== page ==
Mortgage alarm raised by New Westminster chartered accountant
New Westminster chartered accountant Elbert Paul is no stranger to waging lonely crusades on behalf of the public. In the mid-1990s, Paul was one of the first to blow the whistle on the B.C. Ferry Corporation’s ill-fated fast-ferry construction program. It blew almost a half-billion dollars on three problem-plagued vessels. Most media outlets didn’t pay much attention at first. Eventually, the auditor general launched an investigation, but by then it was too late to avert one of the biggest boondoggles in B.C. history.
Late last year, Paul took up another cause that he feels is just as serious. And again, media outlets aren’t very interested, even though this involves far greater amounts of money.
His concerns relate to a draft advisory from the federal Office of the Superintendent of Financial Institutions Canada that was issued last October. The document highlights the need for federally regulated entities—including banks and insurance companies—to convert to international financial reporting standards.
In a phone interview with the Georgia Straight, Paul said that this new policy will increase banks’ concentration of power and undermine financing of affordable housing across Canada. In his opinion, those hit hardest are first-time home buyers, ordinary homeowners who renew mortgages, and organizations that want to borrow money at low interest rates to build affordable housing.
“We have a major change in public policy on housing, and there is no venue as a result of the consequence of the proroguement of Parliament where this matter can be raised in the public domain,” Paul said. “To me, that is fundamentally inappropriate.”
The draft advisory notes that the London-based International Accounting Standards Board’s directives “likely require that many Canadian securitizations and off-balance sheet structures be reported on the balance sheets” of federally regulated entities. This will increase the asset-to-capital multiple of deposit-taking institutions like banks and trust companies. In Paul’s view, financial institutions will respond by reducing the size of existing loan portfolios. The OSFI did not return a call from the Straight by deadline.
Paul is particularly concerned about the impact on mortgages that are insured by the Canada Mortgage and Housing Corporation. CMHC mortgages are securitized (converted into securities that are packaged and sold to investors) through the Mortgage Backed Securities and Canada Mortgage Bond programs. The draft advisory states that as of January 1, 2010, the OSFI is no longer permitting mortgages sold through the MBS and CBM programs until December 31, 2009, to be excluded from the asset-to-capital multiple ratios.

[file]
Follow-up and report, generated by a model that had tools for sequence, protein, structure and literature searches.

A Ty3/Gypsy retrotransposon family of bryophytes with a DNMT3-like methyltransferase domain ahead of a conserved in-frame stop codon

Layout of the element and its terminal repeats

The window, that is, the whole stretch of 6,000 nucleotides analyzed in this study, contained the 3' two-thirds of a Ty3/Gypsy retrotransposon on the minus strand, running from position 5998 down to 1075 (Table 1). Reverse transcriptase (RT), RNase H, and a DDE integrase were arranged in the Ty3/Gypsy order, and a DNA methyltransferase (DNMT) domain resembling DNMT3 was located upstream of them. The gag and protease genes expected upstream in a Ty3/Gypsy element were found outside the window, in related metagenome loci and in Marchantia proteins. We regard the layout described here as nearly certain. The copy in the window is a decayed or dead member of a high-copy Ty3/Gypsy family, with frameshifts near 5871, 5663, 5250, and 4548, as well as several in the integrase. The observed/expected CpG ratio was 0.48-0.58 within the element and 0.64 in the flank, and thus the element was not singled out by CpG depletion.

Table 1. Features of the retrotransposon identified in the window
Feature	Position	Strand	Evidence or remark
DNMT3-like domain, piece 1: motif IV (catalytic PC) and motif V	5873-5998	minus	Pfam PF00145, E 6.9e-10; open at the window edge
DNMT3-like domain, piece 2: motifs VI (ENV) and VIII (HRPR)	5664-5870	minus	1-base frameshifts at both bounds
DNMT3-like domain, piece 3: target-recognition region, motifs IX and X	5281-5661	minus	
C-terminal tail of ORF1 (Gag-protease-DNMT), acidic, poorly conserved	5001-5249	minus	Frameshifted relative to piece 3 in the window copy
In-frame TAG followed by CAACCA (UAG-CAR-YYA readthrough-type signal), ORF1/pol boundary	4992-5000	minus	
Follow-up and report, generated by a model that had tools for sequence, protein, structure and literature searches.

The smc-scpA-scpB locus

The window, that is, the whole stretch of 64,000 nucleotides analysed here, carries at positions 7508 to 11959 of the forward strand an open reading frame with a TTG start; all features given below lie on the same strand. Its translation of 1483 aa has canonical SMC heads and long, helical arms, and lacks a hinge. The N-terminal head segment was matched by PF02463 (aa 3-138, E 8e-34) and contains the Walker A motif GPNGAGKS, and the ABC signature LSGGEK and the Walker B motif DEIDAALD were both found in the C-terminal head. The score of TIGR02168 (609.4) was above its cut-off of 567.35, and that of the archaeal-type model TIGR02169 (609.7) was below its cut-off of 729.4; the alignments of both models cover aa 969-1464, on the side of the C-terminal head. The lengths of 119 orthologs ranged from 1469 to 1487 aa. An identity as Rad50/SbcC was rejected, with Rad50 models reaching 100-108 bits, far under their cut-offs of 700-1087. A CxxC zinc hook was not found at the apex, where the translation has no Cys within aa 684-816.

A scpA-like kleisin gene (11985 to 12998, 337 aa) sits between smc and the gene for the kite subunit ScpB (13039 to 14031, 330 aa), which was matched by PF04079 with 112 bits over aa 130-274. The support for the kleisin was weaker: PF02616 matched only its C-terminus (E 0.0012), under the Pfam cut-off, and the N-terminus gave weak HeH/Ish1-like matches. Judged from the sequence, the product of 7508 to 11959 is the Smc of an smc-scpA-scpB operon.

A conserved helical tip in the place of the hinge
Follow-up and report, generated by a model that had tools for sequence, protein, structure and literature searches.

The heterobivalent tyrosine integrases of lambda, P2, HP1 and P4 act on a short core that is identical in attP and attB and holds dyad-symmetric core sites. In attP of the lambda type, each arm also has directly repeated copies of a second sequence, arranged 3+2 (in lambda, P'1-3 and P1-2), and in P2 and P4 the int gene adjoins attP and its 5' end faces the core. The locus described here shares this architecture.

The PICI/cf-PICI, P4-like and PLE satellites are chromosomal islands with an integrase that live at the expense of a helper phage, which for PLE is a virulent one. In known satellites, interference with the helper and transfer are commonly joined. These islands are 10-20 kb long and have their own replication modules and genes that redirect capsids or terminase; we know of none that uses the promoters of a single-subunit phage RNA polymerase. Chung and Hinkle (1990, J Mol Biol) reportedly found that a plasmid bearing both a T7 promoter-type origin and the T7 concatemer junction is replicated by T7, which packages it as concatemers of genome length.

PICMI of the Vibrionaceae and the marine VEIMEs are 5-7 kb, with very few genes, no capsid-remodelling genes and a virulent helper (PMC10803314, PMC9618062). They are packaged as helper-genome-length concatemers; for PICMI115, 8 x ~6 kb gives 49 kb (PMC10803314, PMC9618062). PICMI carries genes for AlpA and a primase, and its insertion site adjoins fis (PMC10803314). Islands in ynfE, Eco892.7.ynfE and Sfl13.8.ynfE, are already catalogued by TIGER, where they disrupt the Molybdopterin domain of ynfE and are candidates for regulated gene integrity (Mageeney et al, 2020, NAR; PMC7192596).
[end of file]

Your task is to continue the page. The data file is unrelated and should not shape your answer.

“Many financial institutions will have no choice but to exit CMHC securitization entirely as revenues from this low risk insured product will be significantly less favourable than from other products,” Paul wrote in a December 10 letter to Finance Minister Jim Flaherty. “This is because CMHC securitization product will be weighted the same way as any other asset—in other words, the advantage that CMHC securitization has provided in the past (in that they were never included in the calculation) will now be taken away.”
According to Paul’s letter, CMHC’s securitization program insured mortgages in 2008 for more than 900,000 housing units worth $148 billion. “CMHC insurance helps keep borrowing costs down for people with small down payments who would otherwise face higher interest rates and not be able to afford purchasing housing at all,” Paul wrote in his letter to Flaherty. He added that CMHC’s securitization program also allows landlords to finance apartment units at reasonable rates, which can be rented at affordable prices.
In December, Paul asked competition commissioner Melanie Aitken to investigate whether Flaherty, as the minister overseeing OSFI, violated Section 49 of the Competition Act by allowing the regulator to “significantly reduce competition” through the policy. He claimed that it would force some institutions to withdraw from CMHC’s securitization initiatives.
On January 21, Paul received his reply. Aitken claimed that his letter “does not establish a factual basis” to suggest that any offence had been committed. “Further,” Aitken added, “existing jurisprudence has confirmed that section 49 does not apply to the actions of the Minister of Finance or the Superintendent of Financial Institutions.”